I don’t remember where I was in the lineup of reunification, but I do remember the driver commenting on how helpful the flashing headlights were when he pulled up next to my stepdad’s car. The driver said parents didn’t usually think to do that, and my stepdad responded that he’d circled the entire parking lot looking for me, and as he stopped to talk to other parents of lost kids, he’d told each of them to turn on their flashers.
As the driver and my stepdad thanked each other, I stepped down from the electric cart and into my mother’s warm embrace. Then, as the cart continued on its mission, I climbed into the backseat, waiting for the dreaded reprimand, surprised that it never came.
All these years later, I’m still anxious about being separated in large crowds. Every time I leave an arena, my experience at Angel Stadium surfaces, and I hold tight to the hand of whoever I’m with, afraid I’ll get lost again.
Encountering this scripture passage brought the incident and my anxiety to the foreground of my thoughts. And for that, I find myself unexpectedly grateful.
The process of immersing myself in Luke’s words allowed me to see the situation from other perspectives, not only as the sheep or coin or young teenager who was lost, but as the shepherd and the woman who cleaned her house, and the kind woman, security team, and stepdad who all helped in the search to find that which was lost.
It’s likely that you, like me, have been lost in a situation that still sticks with you many years later. Maybe it happened while visiting a new place, or driving with bad directions, or out on a hike. Or maybe it was less of a geographical situation and more of an emotional one—feeling lost and unmoored after an unexpected move, or unsure of what comes next after the children left home, or after the death of a loved one.
Whatever the particulars, each of us in our own lives and in our own ways has been lost—to ourselves, or to those we love, or to our faith in God. And perhaps you, like me, have approached being lost with judgment about yourself, with feelings of failure or inadequacy that lingered long after you were found or found yourself.
Reading Jesus’ parables about the lost sheep and lost coin, and applying them to my own life, I find good news for those of us who are lost:
First: There are people looking for us, even when we don’t about it and can’t see them. The shepherd leaves his flock—hopefully in a safe place—to search for the lost one. The woman tears her house apart, cleaning from top to bottom to find the coin. I don’t know when my parents realized I wasn’t with them, and even though they weren’t where I hoped or expected them to be, they were out looking for me, sending out SOS signals with flashing headlights, even helping others to find their lost children.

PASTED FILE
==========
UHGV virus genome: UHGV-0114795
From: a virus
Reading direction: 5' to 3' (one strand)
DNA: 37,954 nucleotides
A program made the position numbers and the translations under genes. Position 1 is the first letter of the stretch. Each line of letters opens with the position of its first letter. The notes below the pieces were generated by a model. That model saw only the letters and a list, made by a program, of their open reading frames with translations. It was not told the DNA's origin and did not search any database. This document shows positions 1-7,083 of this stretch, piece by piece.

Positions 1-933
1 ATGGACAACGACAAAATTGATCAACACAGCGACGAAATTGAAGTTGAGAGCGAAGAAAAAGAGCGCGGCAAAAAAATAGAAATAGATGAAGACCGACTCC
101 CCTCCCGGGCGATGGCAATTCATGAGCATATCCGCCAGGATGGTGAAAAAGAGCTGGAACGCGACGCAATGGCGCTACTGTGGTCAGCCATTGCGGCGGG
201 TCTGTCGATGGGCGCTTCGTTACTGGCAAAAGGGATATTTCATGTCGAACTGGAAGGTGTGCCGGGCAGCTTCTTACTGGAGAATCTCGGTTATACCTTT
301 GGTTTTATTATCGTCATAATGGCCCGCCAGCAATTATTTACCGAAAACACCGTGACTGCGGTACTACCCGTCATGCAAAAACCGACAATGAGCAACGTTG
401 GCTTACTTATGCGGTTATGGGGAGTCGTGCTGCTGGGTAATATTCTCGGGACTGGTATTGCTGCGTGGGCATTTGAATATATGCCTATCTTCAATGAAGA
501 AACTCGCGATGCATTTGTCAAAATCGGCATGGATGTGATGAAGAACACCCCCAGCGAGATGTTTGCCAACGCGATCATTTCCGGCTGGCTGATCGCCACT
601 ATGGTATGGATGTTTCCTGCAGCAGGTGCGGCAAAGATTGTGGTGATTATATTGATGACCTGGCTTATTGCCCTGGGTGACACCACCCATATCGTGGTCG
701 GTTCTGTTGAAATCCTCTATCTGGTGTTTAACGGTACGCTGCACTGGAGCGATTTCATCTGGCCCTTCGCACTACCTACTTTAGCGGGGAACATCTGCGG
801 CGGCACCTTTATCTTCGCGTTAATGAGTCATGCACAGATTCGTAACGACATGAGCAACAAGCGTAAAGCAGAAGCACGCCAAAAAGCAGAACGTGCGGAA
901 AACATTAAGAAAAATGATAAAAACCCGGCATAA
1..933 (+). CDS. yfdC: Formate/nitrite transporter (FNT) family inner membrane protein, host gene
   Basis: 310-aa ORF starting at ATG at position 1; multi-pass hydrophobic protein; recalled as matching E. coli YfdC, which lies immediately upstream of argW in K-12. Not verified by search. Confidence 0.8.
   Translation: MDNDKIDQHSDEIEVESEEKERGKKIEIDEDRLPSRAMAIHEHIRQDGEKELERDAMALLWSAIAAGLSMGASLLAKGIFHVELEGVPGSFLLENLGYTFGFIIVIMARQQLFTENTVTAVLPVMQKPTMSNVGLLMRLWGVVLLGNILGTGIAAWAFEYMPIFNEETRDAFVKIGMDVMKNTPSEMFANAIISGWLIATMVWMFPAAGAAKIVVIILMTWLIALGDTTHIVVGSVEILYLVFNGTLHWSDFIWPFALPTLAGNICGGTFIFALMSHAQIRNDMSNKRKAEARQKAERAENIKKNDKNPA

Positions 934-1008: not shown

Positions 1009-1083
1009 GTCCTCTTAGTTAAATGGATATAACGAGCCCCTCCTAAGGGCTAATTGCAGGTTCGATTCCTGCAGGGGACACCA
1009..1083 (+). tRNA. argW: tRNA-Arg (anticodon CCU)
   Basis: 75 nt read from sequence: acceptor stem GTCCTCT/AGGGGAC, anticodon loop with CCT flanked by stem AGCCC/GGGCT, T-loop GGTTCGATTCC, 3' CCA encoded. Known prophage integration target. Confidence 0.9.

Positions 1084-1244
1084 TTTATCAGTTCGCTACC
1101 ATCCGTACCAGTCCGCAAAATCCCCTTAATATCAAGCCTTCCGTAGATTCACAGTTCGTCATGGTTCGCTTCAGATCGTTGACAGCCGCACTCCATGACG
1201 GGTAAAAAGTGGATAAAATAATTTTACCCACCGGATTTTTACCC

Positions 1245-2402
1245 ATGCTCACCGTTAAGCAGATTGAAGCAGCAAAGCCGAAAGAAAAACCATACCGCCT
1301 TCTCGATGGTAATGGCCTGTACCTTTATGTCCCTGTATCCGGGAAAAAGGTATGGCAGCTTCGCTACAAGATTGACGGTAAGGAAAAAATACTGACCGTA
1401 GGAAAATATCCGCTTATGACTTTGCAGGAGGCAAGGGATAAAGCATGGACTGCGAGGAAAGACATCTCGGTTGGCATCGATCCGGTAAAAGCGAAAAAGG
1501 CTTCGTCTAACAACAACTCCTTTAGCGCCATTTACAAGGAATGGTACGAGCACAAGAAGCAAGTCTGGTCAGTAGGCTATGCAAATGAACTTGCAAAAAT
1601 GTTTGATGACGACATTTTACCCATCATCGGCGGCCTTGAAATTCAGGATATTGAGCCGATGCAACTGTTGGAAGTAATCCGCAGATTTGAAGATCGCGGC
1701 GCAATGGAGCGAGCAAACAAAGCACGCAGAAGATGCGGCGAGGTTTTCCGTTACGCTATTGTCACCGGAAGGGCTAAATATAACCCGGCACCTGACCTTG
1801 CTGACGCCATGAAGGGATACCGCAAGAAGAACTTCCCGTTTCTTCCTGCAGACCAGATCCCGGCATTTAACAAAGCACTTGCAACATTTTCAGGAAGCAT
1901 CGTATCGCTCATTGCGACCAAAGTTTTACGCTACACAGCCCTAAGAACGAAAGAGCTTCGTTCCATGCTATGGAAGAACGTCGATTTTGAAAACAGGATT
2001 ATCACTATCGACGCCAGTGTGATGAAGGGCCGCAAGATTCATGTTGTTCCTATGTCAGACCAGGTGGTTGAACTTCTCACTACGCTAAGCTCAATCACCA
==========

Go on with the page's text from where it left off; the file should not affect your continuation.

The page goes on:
Second: Things and people get lost. Getting lost isn’t an intellectual, moral, or spiritual failure. It’s reality, and when people see that reality, they respond. The shepherd retraces the paths he’s led the sheep on, the woman sweeps and looks in every place her coins could possibly be, strangers see lost children and young teens and offer help, the baseball stadium staff have protocols to reunite lost children with parents, parents turn on flashing beacons.
None of them just sit there saying, “Oh well, it’s lost,” or, “Oh, well, she’s lost. There’s nothing we can do about it,” or “It’s her own fault she got lost, let her find herself by herself,” or “Oh well, I didn’t need that sheep, or coin, or kid anyway,” or “Oh well, I’ll get a new sheep, a new coin, a new child.”
When we who are lost feel powerless to change our circumstances, there are people and forces greater than ourselves working on our behalf. Help is available in our distress, even if we don’t know how to ask for it, and even if we don’t recognize our need.
And perhaps most importantly, especially for those of us who are prone to punishing ourselves for making mistakes: Joy is the proper response once we’re found, no matter what circumstances led to our being lost.
The shepherd didn’t banish the wayward sheep for wandering away.
The woman didn’t give away all her coins; she didn’t decide that in losing one coin she was too careless to be responsible for any coins.
The stranger who asked if I was okay didn’t say that it was ridiculous for a teen to get lost in the crowd.
The security staff didn’t lecture us kids to be more careful or responsible while they waited to return us to our parents.